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The Tailor King: The Rise and Fall of the Anabaptist Kingdom of Munster Hardcover – September 1, 1999
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From Publishers Weekly
Carnage abounds in this shocking account of the 16th-century Anabaptist revolt of M?nster, during which some 9000 residents barricaded themselves in the north German town for more than a year, proclaiming a militant, anti-Catholic theocracy. Led by the 24-year-old Jan van Leyden, a charismatic tailor's apprentice from Holland, the revolt quickly jettisoned its promise of a community united by voluntary faith, becoming instead a textbook study in extremism. The Anabaptist message, contends Arthur, was predicated on the appeal of the irrationalAsignally, a zealous belief that the Second Coming would unfold in 1534 in M?nster, where the loyal Anabaptists would wage the ultimate battle between good and evil. A master propagandist, the young, self-anointed King Jan swiftly ordered all books save the Bible consigned to a bonfire and even declared a new order of marriage: mandatory polygamy. Amply serviced by his 16-wife harem, Jan then loosed what Arthur (Bushmasters, etc.) alternately describes as a reign of terror and a carnival of madness upon the town, in which pikestaffs whirled and halberds raged against unrepentant adherents of the Roman Catholic Church. Both Catholics and Protestants opposed the Anabaptists, and the sect's contempt for temporal authority of any kind made it the object of persecution by Germany's powerful princes. Students of millenarian movements will enjoy notable parallels to today's apocalyptic sects like the Branch Davidians. Vividly written and credibly researched, this book is entertaining history with implicit contemporary relevance. (Sept.)
Copyright 1999 Reed Business Information, Inc.
From Library Journal
Every revolution has a radical fringe, and the Reformation was no exception. The Anabaptists, who took over and created their own kingdom in the northern German city of M?enster, frightened even Martin Luther. Arthur (English, California State Univ., Northridge) has written an excellent account of the Anabaptist kingdom, which has not received much attention recently. His is one of the more readable academic histories in recent memory. Arthur deftly uses primary sources to craft a story that reads like a good thriller. His analysis in the final chapter is a masterly comparison of the events in M?nster to what happened to the Branch Davidians in Waco, TX. Any doubts about the importance of the bloody events of more than 400 years ago are erased by the parallels that Arthur draws. How could Waco, Oklahoma City, and Kosovo have happened? It all has happened before, with ghastly results. Highly recommended for public libraries and undergraduate collections.ARandall L. Schroeder, Wartburg Coll., Waverly, IA
Copyright 1999 Reed Business Information, Inc.
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Maiduguri, Boko Haram’s birthplace in Nigeria’s northeast, has not yet become the country's Muenster, but it is close enough. Remarkable similarity exists between the two movements. Like European Anabaptists, Boko Haram was a largely peaceful group practicing their own brand of Islam, until official persecution turned it violent. Anabaptists, Arthur says, “were dangerous not so much for their numbers as for the power of their message, with its vision of a pure restoration of the original Church and its vision of Jesus Christ welcoming them to a certain future in Heaven.” Similarly, Boko Haram aims to restore a pure form of Islam by establishing an Islamic State governed by sharia. The power of this message among some ordinary northern Nigerians is evidenced by popular support afforded to Boko Haram by such people, support which has prompted the Nigerian military to complain that the real enemy is the people they have been sent to protect.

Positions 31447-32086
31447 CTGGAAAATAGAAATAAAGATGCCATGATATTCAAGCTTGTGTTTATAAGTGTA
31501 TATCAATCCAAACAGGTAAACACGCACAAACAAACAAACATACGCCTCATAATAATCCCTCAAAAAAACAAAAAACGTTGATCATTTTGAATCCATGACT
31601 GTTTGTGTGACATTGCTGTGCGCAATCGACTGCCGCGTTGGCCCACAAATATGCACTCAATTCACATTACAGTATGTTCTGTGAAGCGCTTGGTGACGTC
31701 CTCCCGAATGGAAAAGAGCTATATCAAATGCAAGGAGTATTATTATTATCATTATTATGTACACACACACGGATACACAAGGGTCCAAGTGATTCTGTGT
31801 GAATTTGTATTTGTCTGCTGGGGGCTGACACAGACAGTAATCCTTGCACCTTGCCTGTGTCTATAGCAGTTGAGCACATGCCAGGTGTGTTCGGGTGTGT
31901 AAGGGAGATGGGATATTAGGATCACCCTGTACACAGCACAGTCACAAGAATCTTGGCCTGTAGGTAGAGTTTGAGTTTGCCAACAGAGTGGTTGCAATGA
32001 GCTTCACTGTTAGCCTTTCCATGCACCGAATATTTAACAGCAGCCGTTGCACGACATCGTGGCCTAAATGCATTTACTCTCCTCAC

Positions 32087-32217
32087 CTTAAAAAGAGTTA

Porous border areas between Holland and Germany, which enabled 'foreigners' like Jan Matthias and Jan van Leyden to enter Muenster and take control of the movement, are also characteristic of much of northern Nigeria and its neighboring states, allowing non-Nigerians who are not averse to violence to join Boko Haram, just as among the Anabaptists were some who “believed in the redeeming power of revenge, retribution, and violence.”
Whether Nigeria’s apocalyptic millenarians survive Chadian Army onslaughts and the African Union (AU) force being formed, remains to be seen. But it is looking more and more like Nigeria’s President Goodluck Jonathan may share the same fate as Franz von Waldeck, the Prince-Bishop of Muenster, who spent 16 months trying to subdue the Anabaptists.
In the end, the latter were defeated, but Waldeck's victory was Pyrrhic. Like Waldeck's expensive struggle against the Anabaptists, the costs of the campaign against Boko Haram are likely to burden Jonathan's government, or that of his successor, for years. Second, he has already, like Waldeck, been criticized for procrastination in trying to crush Boko Haram and thereby lost credibility. Third, he has accepted help from neighboring countries, even allowing their troops to operate on Nigerian soil, which before now had been unthinkable. This is an embarrassing admission of the declining capability of his own security forces. Even if Jonathan succeeds in subduing Boko Haram, he very likely will have "lost control of his own destiny," as did Waldeck.
This book feel like it was written for a young age group. It is not bad but also certainly not what I was looking for.
Great book to give to a middle schooler. Teach them weird messed up facts about history!
of what happens when discernment is not applied to 'experience'.
I would recommend this book to mainline believers as well as 'Pentecostals', for what we can all learn about the benefits of peaceful reconciliation - and the horrors brought on by its lack.